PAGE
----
What Word Begins The Subordinate Clause In The Following Sentence: Dolly Must Clean Up Her Room Before She Goes Out. Is It Dolly, Clean, Before, Or She?


1 Answers

Will Martin Profile
Will Martin answered
The word that begins the subordinate clause is before. The word before, used in this sentence, is a subordinating conjunction, (ie a "joining word used to join a main clause to a dependent one) and its use indicates the start of a subordinate clause.

The reason for this is that "before" is only used at the start of a dependent or subordinate phrase. "Before she goes out" isn't a sentence, as the presence of the word "because" tells us that the sentence has another part, and the other part is where the main message ( main clause) is to be found. This is the real reason why we are told at school not to start sentences with "because" "and" or "but" - because these words are there to join two things together and therefore shouldn't be used to introduce the whole sentence. But I don't think that's so important!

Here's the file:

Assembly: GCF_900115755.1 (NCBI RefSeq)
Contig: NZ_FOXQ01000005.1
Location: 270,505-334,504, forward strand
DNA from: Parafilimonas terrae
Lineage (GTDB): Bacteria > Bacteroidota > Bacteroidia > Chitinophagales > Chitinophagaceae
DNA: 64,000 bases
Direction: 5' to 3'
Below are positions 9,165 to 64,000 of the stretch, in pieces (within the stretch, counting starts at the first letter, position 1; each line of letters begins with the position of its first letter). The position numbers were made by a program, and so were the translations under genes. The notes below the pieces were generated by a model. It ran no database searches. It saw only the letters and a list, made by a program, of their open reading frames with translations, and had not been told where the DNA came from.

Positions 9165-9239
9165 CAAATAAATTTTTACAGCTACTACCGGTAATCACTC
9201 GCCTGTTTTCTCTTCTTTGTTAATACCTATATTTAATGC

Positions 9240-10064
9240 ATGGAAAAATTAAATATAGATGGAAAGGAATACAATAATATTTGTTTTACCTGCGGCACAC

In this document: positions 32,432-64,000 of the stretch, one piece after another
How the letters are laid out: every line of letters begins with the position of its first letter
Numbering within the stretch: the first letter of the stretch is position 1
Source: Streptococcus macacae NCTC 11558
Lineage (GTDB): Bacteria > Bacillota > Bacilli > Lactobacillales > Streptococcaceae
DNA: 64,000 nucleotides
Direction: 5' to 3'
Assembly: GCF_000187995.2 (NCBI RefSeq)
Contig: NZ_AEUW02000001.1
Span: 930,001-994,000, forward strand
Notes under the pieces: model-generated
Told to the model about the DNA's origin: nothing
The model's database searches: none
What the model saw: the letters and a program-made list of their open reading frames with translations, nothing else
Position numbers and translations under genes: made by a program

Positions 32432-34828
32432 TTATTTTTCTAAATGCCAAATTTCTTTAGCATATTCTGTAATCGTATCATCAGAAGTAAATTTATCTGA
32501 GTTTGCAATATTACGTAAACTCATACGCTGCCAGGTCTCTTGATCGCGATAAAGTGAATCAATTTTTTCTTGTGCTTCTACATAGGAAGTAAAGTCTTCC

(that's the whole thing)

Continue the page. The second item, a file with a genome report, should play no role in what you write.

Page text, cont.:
Answer Question